Stars and journalists lose appetite for correspondents' dinner under Trump
The annual event is a chance for politicians and the media to share an evening of good-natured roasting – but this year goodwill is in short supply on both sides
Joanna Walters in New York
Monday 13 February 2017 04.39 EST
The White House correspondents’ dinner is a fixture of the Washington scene, a spring event at which the cream of political journalism shares bonhomie, fine food and comedy roasting with the politicians it reports on – including the president. Under Donald Trump, however, the dinner is facing uncertainty.
Trump, who has repeatedly attacked “the very dishonest press” and accused leading news outlets of peddling “fake news” about him, is expected nonetheless to attend the dinner, at the Washington Hilton on 29 April.
Many news outlets, however, are planning to give the event a miss. The New York Times has not sent journalists to the dinner since 2008. The Guardian, which normally attends, will not be represented there this year. Jeff Mason, a Reuters journalist and president of the WHCA, has been obliged to confirm that the event will happen.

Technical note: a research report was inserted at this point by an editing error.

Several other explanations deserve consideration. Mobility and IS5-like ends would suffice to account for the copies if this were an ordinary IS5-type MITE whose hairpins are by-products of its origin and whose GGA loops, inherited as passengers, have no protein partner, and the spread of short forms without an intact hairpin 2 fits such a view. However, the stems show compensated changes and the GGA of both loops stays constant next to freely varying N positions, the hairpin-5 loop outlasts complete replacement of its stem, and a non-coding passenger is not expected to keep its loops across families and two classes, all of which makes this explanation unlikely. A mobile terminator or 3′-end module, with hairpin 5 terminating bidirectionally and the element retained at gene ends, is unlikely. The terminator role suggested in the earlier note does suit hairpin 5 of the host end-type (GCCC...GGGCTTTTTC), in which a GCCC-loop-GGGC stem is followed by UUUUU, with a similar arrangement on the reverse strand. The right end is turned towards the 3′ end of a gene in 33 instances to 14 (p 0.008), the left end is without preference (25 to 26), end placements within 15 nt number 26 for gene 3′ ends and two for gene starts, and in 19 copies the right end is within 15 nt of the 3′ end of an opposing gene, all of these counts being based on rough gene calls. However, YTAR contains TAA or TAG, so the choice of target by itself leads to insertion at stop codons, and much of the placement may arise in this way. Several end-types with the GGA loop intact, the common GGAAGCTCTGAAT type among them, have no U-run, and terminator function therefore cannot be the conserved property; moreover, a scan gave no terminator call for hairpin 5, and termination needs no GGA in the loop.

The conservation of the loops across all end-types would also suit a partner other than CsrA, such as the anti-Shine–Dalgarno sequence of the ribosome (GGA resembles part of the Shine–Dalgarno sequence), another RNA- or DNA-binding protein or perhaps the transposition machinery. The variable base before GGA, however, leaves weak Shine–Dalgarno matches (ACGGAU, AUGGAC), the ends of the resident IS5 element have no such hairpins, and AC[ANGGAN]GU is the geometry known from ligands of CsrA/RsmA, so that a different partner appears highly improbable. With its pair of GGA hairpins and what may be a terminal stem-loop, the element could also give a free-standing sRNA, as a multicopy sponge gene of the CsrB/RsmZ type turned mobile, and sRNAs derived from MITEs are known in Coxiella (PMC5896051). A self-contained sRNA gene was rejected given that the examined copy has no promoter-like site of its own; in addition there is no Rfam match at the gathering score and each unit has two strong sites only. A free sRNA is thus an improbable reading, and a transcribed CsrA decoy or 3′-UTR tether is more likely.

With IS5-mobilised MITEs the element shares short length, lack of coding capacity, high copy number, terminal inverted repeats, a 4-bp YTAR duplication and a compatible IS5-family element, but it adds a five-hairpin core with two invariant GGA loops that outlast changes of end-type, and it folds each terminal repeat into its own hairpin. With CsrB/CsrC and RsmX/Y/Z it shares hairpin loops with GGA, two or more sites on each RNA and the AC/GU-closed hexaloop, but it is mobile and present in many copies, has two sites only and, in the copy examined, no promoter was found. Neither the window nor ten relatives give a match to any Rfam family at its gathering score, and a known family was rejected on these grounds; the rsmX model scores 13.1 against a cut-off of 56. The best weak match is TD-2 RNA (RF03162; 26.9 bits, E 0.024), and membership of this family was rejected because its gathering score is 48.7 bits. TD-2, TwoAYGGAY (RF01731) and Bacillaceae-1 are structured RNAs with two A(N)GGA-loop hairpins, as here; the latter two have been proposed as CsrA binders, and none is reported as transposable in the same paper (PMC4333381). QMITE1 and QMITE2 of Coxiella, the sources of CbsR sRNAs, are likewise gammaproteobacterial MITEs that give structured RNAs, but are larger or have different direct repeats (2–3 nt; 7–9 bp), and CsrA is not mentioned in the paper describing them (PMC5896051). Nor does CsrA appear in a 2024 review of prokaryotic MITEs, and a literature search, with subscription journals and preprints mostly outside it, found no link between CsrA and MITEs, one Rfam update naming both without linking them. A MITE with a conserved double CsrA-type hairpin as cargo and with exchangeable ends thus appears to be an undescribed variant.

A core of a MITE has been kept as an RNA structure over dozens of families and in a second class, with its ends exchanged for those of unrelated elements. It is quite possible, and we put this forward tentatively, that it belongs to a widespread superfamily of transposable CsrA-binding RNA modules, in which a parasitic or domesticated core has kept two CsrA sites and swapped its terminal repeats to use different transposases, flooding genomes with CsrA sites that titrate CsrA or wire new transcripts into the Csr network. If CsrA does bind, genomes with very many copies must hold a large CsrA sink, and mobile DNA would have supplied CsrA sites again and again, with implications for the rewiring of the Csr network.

Celebrities are also choosing to spend the night elsewhere. Actors from the casts of TV political drama shows such as House of Cards, Veep and Scandal, for example, have attended in recent years. They are not expected to be present this time. And according to the Hollywood Reporter, the White House Correspondents’ Association (WHCA) has yet to secure a comedy headliner., 7wo7rees, xynthee and 2 othersPADemD, daleanime like this
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